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Cancer & Radiation

NIH "Structural Cell Biology of DNA Repair Machines"

Program Co-Leaders: John Tainer and Priscilla Cooper
Website:  http://www.sbdr.lbl.gov/

The Structural Cell Biology of DNA Repair Machines (SBDR) is a multi-investigator (21), multi-institutional (15), interdisciplinary effort optimized to meet the extreme challenges of characterizing transient complexes and conformations acting in DR responses. The program will integrate knowledge of DR proteins and pathways by analyzing keystone complexes functioning as regulatory nodes in complex cellular responses to DNA damage. It will focus on crossroads for DR pathways, especially those connecting DR with replication, recombination, and damage signaling.

DOE Low Dose Radiation Effects Program

This program, lead by Gary Karpen, has been developed to address the similarly named Scientific Focus Area (SFA) identified by the U.S. Department of Energy (DOE). The program, entitled "A Systems Biology Approach to Assessment of Responses to Low Dose / Low Dose-Rate Ionizing Radiation," uses a strategy that integrates systems genetics and discovery approaches with mechanistic information from all levels of biological organization – molecules, cells, tissues and animal models – to address key questions concerning the effects on human health of low dose, low dose-rate exposure to ionizing radiation.

The emphasis is on biological mechanisms that contribute to carcinogenic risk, especially for breast cancer. The approach considers effects both on the epithelial cells that are at risk of malignancy and on stromal cells that do not become malignant but which impact radiation-induced carcinogenesis through changes in the tissue microenvironment. The central issues being addressed are to what extent responses to low doses differ from high dose responses and can alter the response to subsequent exposures, the mechanisms and genetic determinants responsible for such effects, and their consequences with respect to deviation from a linear dose response for carcinogenesis.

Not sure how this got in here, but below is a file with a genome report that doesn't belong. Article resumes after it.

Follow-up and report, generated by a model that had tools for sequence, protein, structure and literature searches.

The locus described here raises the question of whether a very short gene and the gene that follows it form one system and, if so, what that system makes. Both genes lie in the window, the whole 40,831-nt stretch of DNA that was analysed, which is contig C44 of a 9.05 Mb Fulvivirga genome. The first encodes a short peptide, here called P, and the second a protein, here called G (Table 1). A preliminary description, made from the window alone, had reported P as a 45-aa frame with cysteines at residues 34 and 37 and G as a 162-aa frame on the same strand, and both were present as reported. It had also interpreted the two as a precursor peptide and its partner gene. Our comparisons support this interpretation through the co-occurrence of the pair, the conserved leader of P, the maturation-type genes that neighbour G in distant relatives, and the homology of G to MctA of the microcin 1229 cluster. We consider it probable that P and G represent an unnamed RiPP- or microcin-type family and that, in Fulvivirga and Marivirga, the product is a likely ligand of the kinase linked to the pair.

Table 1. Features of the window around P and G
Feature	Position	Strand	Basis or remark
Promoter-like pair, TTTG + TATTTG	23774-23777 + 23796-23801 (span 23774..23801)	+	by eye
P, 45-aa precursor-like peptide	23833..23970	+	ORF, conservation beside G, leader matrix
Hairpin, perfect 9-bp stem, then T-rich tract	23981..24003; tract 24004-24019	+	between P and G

Four inter-connected SFA research components coordinately investigate low dose responses through complementary studies using both in vivo mouse models of differing radiosensitivity and comparative culture systems for mammary-derived mouse and human cells: component one focuses on non-linear and adaptive response mechanisms in mammary cell culture models; component two investigates mammary tissue radiation response phenotypes predicted by transcriptome responses; component three uses systems genetics and organotypic culture to understand differences in susceptibility to low-dose radiation-induced mammary tumors; the fourth component, the Integration Hub, provides support for advanced technologies and integrative data analysis applied across all components.